Art Law on Estate Tax on Inherited Collections
Maybe your kids can afford to keep your art collection after all.
This essay is about fractional interests in visual art. For a long time the Internal Revenue Service position has been that fractional interests in tangible personal property such as visual art (ownership in, say, a painting, divided between several people, often family members) are not entitled to reduced gift or estate tax valuations. Recently, the US Tax Court and the Fifth Circuit Court of Appeals decided that the IRS position was wrong, and a fractional ownership interest in visual art is, indeed, entitled to a reduced valuation. This opens interesting planning options for art owners who can bring themselves to give up part ownership of their art.
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For many years, the Internal Revenue Service has resisted estate and gift tax valuation discounts for fractional undivided interests in works of art. But in 2013–2014, the US Tax Court and Fifth Circuit Court of Appeals decided that the IRS no-discount position was wrong.1
Fractional Interests in Visual Art and Restrictions on Sale and Use
The decedent, Elkins, owned undivided fractional interests in 64 works of contemporary art. The remaining interests in such works were owned by Elkins’s children. Before Elkins’s death, he entered into a “Cotenants’ Agreement” with his children as to 61 of the works, which provided in paragraph 7 that “An item of Property [any of the 61 works of art subject to such agreement] may only be sold with the unanimous consent of all of the Cotenants.”
The Tax Court Reasoning
The Tax Court examined two issues: first, whether the paragraph 7 restriction on sales was a restriction on the right to sell or use property within the meaning of Internal Revenue Code Section 2703(a)(2) and, second, the amount of the discount to be applied to decedent’s fractional interests in the art. On the first issue, the Tax Court decided that IRC Section 2703 applied:
With exceptions not here relevant, section 2703(a)(2) instructs that “the value of any property shall be determined without regard to any restriction on the right to sell or use such property.” Whether paragraph 7 of the cotenants’ agreement is a restriction on decedent’s right to sell the cotenant art or is a restriction on his right to use the cotenant art is not important. It is clear that, pursuant to paragraph 7 of the cotenants’ agreement, decedent, in effect, waived his right to institute a partition action, and, in so doing, he relinquished an important use of his fractional interests in the cotenant art. While, as we shall explain, it makes little or no difference to our conclusion as to the value of the art, we shall, in determining the value of each of the items of cotenant art, disregard any restriction on decedent’s right to partition.2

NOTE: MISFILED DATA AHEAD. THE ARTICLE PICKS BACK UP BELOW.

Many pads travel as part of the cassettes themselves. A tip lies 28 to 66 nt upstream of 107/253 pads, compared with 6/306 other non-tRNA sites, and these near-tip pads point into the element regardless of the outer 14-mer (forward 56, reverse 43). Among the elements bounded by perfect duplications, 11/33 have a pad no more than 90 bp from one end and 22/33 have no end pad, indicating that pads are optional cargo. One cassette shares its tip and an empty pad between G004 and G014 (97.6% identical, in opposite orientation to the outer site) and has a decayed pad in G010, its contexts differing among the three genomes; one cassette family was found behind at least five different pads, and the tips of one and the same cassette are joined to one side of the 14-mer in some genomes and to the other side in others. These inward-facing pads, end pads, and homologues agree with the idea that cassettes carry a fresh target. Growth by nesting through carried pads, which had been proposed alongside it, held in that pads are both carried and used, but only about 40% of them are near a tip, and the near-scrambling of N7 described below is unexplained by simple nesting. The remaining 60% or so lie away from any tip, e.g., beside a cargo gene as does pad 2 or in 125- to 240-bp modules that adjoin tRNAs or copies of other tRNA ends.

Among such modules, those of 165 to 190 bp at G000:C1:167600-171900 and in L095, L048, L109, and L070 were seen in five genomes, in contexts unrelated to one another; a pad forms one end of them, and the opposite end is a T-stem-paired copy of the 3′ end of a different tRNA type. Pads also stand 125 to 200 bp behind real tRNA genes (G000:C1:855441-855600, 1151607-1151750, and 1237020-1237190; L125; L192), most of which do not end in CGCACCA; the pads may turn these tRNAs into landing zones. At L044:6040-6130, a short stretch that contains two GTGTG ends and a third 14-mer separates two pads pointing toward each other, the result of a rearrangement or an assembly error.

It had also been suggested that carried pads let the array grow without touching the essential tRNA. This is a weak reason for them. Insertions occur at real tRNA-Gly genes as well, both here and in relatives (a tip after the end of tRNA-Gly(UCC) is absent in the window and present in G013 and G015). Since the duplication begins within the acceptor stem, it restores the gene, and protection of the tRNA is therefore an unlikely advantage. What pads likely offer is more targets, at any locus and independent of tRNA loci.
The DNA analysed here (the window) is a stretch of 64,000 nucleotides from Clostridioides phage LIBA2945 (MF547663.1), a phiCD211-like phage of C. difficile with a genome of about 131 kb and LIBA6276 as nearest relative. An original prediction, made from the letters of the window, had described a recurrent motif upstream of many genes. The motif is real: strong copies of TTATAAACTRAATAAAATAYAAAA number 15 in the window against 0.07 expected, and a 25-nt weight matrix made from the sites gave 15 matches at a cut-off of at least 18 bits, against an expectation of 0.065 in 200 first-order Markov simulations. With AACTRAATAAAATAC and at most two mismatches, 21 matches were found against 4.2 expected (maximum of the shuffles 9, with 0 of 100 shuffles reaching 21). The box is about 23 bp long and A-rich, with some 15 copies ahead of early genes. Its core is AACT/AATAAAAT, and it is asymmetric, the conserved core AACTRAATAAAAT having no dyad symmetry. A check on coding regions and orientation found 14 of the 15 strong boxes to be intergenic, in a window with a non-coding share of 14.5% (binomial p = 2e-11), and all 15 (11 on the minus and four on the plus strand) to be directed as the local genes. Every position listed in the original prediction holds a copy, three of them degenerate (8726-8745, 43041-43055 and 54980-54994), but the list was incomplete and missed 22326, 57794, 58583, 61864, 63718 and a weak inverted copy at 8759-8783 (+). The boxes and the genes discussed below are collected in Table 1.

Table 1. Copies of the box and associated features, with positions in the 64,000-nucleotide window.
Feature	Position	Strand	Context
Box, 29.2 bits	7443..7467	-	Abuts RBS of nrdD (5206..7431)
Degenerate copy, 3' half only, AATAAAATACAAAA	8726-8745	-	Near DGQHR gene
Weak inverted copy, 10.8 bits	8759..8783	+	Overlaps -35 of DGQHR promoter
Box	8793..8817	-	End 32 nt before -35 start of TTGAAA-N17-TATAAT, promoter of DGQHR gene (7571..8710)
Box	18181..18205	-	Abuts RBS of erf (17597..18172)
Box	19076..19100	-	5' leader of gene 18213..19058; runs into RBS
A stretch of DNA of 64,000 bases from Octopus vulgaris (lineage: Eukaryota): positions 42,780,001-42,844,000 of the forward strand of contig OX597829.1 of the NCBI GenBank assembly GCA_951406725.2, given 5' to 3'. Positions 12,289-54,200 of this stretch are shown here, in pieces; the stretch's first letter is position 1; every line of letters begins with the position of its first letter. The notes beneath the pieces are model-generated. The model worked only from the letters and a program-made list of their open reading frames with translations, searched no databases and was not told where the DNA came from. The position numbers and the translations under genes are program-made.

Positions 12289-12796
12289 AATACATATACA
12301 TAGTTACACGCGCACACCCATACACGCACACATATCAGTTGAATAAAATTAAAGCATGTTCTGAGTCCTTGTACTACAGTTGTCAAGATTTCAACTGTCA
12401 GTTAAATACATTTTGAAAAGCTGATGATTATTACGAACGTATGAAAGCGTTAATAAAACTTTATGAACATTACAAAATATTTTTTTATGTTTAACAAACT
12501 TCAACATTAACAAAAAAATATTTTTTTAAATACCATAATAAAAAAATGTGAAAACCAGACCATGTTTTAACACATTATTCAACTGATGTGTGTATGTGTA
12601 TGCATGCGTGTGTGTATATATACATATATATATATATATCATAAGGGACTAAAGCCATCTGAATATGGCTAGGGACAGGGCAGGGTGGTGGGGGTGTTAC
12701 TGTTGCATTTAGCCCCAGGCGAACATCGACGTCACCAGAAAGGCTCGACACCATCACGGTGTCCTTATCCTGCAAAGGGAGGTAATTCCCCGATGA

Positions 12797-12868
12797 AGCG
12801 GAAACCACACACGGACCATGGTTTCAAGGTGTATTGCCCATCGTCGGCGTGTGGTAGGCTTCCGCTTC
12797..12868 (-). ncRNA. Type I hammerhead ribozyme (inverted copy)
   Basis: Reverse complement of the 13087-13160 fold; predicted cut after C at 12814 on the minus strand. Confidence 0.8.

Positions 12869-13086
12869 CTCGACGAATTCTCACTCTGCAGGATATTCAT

The Tax Court allowed a 10% valuation discount—rejecting the Estate’s 45% discount as unrealistically high—reasoning as follows:
Petitioners [the Estate] argue that the Elkins children would spend whatever was necessary to retain their minority (or 50%) interests in the art. It is much more likely, however, that, given their undisputed financial resources to do so, they would be willing to spend even more to acquire decedent’s fractional interests therein and thereby preserve for themselves 100% ownership and possession of the art. The question is how much more.
We believe that a hypothetical willing buyer and seller of decedent’s interests in the art would agree upon a price at or fairly close to the pro rata fair market value of those interests. Because the hypothetical seller and buyer could not be certain, however, regarding the Elkins children’s intentions, i.e., because they could not be certain that the Elkins children would seek to purchase the hypothetical buyer’s interests in the art rather than be content with their existing fractional interests, and because they could not be certain that, if the Elkins children did seek to repurchase decedent’s interests in the art, they would agree to pay the full pro rata fair market value for those interests, we conclude that a nominal discount from full pro rata fair market value is appropriate.
We hold that, in order to account for the foregoing uncertainties, a hypothetical buyer and seller of all or a portion of decedent’s interests in the art would agree to a 10% discount from pro rata fair market value in arriving at a purchase price for those interests. We believe that a 10% discount would enable a hypothetical buyer to assure himself or herself of a reasonable profit on a resale of those interests to the Elkins children.3
The Fifth Circuit Agrees that the IRS Position on Valuing Fractional Interests is Wrong
On appeal, the Fifth Circuit Court of Appeals described the Tax Court decision as follows:
The Tax Court rejected the Commissioner’s zero-discount position, but also rejected the quantums of the various fractional-ownership discounts adduced by the Estate through the reports, exhibits, and testimony of its three expert witnesses—the only substantive evidence of discount quantum presented to the court. Instead, the Tax Court concluded that a “nominal” fractional-ownership discount of 10% should apply across the board to Decedent’s ratable share of the stipulated FMV of each of the works of art; this despite the absence of any record evidence whatsoever on which to base the quantum of its self-labeled nominal discount.